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Re: [css3-values] types and where attr() and calc() can be used

From: Kang-Hao (Kenny) Lu <kennyluck@csail.mit.edu>
Date: Tue, 24 Apr 2012 04:13:18 +0800
Message-ID: <4F95B7DE.9090409@csail.mit.edu>
To: "Tab Atkins Jr." <jackalmage@gmail.com>
CC: WWW Style <www-style@w3.org>
(12/04/24 3:39), Tab Atkins Jr. wrote:
> This email is an acknowledgement that we've addressed all the issues
> present in your mail.  The issues I've extracted and their resolutions
> are below.

Thank you too (for addressing all of my issues)!

> Issue 3: Using the 'integer' type in attr() seems to be invalid in
> places that want <number>
> Closed as Invalid - the definition of the <number> type specifically
> says that a number is "either an <integer>, or ...".

Well, the spec says "either an integer, or ..." You seem to have no
problem about treating "integer" and "<integer>" as synonyms, but I do
have a problem. Based on my impression, this sentence is talking about
the syntax of a <number>, while whether <integer> is a subtype of
<number> has to do with the semantics.

So, no, this is not very satisfactory, but given that this amounts to an
editorial issue, this is my last try. The following are my editorial

A. Below

  # the attr() expression's type is valid where the attr() expression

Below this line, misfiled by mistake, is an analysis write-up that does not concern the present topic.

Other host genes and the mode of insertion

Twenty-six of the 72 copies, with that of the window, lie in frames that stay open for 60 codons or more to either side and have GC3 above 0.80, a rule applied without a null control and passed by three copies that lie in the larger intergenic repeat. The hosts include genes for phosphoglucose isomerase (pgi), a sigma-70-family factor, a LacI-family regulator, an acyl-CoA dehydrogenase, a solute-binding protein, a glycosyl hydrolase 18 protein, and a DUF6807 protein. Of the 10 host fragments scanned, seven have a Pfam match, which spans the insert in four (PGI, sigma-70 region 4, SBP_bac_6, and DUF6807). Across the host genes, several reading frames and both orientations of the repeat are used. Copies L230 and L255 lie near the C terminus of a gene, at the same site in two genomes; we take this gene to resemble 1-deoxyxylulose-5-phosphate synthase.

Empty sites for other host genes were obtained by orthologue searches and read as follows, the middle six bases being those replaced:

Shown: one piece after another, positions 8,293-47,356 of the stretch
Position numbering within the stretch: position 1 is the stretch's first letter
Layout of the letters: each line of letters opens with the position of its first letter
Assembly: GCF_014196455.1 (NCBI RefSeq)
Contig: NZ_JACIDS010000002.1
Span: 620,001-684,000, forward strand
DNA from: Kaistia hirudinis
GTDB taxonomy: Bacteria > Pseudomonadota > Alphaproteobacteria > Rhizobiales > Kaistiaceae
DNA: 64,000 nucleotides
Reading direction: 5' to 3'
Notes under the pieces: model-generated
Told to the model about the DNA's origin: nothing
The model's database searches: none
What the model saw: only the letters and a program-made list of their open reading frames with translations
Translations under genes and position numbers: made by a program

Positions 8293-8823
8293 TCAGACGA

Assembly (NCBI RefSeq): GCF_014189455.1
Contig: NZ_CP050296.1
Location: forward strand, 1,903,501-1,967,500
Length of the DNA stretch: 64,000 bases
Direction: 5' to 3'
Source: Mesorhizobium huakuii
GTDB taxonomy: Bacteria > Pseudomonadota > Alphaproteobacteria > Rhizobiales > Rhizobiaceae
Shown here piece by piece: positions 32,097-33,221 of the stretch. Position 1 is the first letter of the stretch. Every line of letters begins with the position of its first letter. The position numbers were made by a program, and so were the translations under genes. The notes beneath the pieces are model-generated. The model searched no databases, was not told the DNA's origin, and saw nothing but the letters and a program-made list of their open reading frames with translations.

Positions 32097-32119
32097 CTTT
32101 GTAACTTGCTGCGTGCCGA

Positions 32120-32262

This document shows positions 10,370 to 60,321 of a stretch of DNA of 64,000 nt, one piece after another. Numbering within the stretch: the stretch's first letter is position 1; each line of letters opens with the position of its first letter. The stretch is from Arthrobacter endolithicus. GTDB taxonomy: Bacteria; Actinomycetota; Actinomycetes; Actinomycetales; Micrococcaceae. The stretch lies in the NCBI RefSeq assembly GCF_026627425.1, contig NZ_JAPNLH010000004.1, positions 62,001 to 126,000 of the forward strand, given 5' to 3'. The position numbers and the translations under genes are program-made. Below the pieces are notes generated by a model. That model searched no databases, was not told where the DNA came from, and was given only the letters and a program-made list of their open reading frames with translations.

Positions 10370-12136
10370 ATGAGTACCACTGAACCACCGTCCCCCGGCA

# is placed,

add that

  | Note: a <type> of "integer" is valid where <number> is expected.

B. At the end of the description of "integer" as a <type>, add

  | This can be used where <number> is expected.

> Issue 4: Eliminate the 'integer' type entirely
> Closed as Rejected - several CSS properties use the <integer> type,
> and it's not expected that they'll change, or what the value in them
> doing so would be.

This is fine.

> Issue 7: Should calc() be allowed in @keyframes selectors?
> Closed as OutOfScope - This is something for the Animations spec to
> define.  I will raise an issue on that spec shortly.


> Issue 9: attr() shouldn't disallow its fallback value from containing
> more attr().
> Closed as Rejected - There doesn't seem to be a strong use-case for
> this, and it adds complexity to testing and implementation to allow
> it.  If we decide it's necessary later, it's easy to relax the
> restriction in a future level.


Received on Monday, 23 April 2012 20:13:48 UTC

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